Ehrlich Brushes Off Country Club Dust-Up

Gov. Robert Ehrlich (search), responding to complaints about a fund-raiser at a golf club that critics say does not have any black members, described the flap Tuesday as "all a bunch of nothing."

"We have no access to the membership information. Obviously, we're renters. We come in and we pay our bill and we leave," he said.

Ehrlich, a Republican, also said during an interview on WBAL-AM in Baltimore that prominent Democrats have held fund-raisers at the Elkridge Club, but he would not release those names when asked to do so by The Associated Press.

Greg Massoni, Ehrlich's press secretary, said the governor did not want to release the information because Democrats "may have entered into this as innocently as we did." But he said there have been Democratic events at the Elkridge Club and "they know who they are."

A campaign spokesman for Baltimore County Executive James T. Smith told The (Baltimore) Sun Tuesday that a supporter hosted a May 4 fund-raiser for Smith at Elkridge Club.

"Jim Smith has never belonged to a country club in his life. He was not aware of the country club's membership composition, and as the leader of a diverse county, he appreciates that it has been brought to his attention. Clearly, he will not have future campaign events hosted at this location," Rachael Rice, a fund-raising consultant for the Smith campaign, told the newspaper.

Jay M. Wilson, president of the private club, and Joseph C. Fulco, the general manager, were not in their offices Tuesday to answer questions about the club's membership policies, and efforts to reach them at home were not immediately successful. Fulco also did not immediately respond to an e-mail request about political events at the club, which is along the Baltimore city-county line.

The Sun reported in a story for Saturday's editions that several club members and former officers that it did not name confirmed that the club has not had any black members in its 127-year history. The newspaper said members said the club does not have any written restrictions on the race of members and that blacks and other minorities have played golf and dined there.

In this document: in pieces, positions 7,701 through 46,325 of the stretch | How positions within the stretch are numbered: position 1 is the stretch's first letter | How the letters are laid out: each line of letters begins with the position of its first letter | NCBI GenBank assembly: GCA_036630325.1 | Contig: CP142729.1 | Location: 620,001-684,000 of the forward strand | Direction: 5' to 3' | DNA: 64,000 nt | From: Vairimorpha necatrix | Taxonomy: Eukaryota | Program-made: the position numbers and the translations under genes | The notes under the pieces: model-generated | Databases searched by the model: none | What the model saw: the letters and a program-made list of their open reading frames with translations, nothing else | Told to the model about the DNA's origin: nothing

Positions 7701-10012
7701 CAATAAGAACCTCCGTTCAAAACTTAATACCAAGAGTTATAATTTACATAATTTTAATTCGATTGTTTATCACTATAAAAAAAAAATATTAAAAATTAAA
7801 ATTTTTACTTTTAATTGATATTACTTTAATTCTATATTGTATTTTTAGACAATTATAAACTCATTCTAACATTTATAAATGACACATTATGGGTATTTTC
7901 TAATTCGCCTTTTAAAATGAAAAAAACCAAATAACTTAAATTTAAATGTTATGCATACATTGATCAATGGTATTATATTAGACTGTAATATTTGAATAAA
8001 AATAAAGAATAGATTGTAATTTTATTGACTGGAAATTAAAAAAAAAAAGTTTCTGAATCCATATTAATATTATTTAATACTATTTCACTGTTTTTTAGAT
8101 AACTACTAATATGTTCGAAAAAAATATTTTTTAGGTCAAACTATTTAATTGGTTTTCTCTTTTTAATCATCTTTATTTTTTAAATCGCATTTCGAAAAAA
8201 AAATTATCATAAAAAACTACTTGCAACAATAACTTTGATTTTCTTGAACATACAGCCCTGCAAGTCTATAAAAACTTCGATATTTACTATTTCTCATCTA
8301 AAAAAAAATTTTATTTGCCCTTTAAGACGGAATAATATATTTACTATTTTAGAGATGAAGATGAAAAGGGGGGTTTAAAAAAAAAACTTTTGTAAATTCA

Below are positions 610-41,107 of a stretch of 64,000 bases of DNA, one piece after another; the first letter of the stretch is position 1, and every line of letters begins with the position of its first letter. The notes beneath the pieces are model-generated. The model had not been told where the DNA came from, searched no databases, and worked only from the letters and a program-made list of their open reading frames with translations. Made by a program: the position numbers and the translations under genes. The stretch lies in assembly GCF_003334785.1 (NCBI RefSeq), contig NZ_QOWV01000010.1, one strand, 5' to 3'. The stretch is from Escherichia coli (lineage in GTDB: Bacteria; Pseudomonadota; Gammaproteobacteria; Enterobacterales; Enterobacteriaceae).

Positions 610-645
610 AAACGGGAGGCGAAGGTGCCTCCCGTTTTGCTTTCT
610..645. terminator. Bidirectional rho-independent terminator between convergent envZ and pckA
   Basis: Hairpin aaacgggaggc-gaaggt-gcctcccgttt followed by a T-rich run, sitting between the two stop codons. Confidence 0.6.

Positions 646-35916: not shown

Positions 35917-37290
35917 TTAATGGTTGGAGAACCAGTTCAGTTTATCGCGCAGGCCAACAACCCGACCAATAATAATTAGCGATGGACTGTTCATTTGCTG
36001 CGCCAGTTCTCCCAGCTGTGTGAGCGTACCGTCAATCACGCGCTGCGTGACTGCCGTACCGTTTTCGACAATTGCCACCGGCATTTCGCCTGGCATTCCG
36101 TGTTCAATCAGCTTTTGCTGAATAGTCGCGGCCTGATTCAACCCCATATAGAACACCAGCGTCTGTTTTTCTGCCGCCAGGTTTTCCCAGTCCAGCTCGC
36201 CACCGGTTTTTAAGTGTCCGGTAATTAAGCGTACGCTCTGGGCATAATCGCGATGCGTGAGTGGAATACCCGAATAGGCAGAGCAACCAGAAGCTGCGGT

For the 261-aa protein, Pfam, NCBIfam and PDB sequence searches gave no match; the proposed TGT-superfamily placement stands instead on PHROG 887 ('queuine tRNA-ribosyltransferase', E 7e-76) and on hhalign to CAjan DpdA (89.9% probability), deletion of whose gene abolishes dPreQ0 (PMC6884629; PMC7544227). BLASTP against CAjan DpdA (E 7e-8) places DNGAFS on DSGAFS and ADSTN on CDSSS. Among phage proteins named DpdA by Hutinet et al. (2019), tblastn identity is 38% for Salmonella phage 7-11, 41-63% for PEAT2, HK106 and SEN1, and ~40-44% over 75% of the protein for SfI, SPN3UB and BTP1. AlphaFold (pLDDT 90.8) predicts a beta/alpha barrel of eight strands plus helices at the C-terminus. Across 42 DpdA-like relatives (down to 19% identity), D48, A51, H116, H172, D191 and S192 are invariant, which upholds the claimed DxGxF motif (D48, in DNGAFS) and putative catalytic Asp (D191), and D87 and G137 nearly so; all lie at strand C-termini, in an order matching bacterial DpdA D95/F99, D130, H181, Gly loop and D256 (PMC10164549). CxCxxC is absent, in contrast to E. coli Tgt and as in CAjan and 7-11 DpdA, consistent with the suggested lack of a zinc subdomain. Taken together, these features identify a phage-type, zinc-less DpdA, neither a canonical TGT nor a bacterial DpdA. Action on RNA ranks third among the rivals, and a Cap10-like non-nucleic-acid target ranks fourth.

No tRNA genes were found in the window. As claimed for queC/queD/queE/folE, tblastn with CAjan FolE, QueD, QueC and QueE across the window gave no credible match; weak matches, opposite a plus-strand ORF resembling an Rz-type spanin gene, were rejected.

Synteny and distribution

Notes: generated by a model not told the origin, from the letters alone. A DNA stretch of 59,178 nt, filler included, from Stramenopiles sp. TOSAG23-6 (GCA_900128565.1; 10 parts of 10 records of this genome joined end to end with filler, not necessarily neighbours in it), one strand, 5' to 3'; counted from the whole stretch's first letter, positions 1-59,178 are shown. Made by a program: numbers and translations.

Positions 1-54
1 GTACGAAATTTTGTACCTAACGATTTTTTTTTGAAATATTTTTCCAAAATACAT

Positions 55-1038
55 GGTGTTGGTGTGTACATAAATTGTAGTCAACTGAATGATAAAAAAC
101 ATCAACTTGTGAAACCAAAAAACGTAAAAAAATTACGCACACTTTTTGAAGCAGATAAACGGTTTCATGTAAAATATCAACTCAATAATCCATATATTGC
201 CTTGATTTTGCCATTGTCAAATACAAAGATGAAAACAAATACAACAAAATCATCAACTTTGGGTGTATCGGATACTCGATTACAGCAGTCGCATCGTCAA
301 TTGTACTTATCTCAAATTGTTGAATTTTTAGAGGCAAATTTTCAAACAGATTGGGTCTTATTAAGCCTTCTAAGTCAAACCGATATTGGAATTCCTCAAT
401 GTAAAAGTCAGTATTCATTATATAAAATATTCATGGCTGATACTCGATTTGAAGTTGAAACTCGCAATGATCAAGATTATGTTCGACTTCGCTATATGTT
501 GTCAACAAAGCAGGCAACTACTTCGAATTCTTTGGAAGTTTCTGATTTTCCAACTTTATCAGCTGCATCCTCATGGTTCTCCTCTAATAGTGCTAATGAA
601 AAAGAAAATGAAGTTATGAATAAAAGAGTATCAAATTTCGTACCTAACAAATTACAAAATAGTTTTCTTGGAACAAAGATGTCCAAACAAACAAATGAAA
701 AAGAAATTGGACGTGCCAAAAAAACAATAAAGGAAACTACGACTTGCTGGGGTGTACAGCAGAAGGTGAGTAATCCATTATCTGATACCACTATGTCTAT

Lt. Gov. Michael Steele (search), the state's first black lieutenant governor, said Tuesday in an interview with The AP that he had not talked with Ehrlich about the golf tournament that raised $100,000 for the governor's re-election bid and didn't know if it was appropriate to use the club as a location for a fund-raiser.

"I don't know that much about the club, the membership, nor do I care, quite frankly, because I don't play golf. It's not an issue with me," Steele said.

Steele's comment that the membership was not an issue and he had not talked to Ehrlich about the fund-raiser last month drew criticism from two black Democratic lawmakers.

Sen. Lisa Gladden of Baltimore said as a black lieutenant governor, Steele "ought to be more sensitive. He ought to be the first person out front speaking of injustice everywhere. It's bigger than he says it is, and he needs to step up to the plate and do the right thing."

Delegate Adrienne Jones of Baltimore County said for Steele "to dismiss that as nothing is a slap in the face of those of us who are African Americans."

"It should matter," she said.

Golfers interviewed Tuesday in Baltimore said they were not bothered by the fund-raiser at Elkridge Club.

"I don't think anything is wrong with it," said Ed Smith, a black golfer playing at Mount Pleasant Golf Course. He's trying to raise money."

But Joe D. Allen, a black employee at the Forest Park Golf Course, said Ehrlich "had to know that it would be controversial."

"His actions demonstrate what I thought about him in the first place. I don't think he's competent," Allen said. "I think Republicans think that they can divide the black community and get a lot of the voters in the city to vote for them because of Steele."

During the radio interview, Ehrlich said his campaign staff makes decisions on where to hold fund-raisers and he does not know what the club's membership policies are. A double standard was applied to him because Democrats were not criticized for holding events at the club, he said.

"It's a nonstory for them and a nonstory for us," he said.

As a private club, Elkridge does not have to disclose names of its members. After a state law was passed prohibiting country clubs from getting a property tax break if they discriminated in their membership policies, the Elkridge Club gave up its tax break in 1977 rather than give its membership list to the state, Robert A. Zarnoch, an assistant attorney general, told The Sun.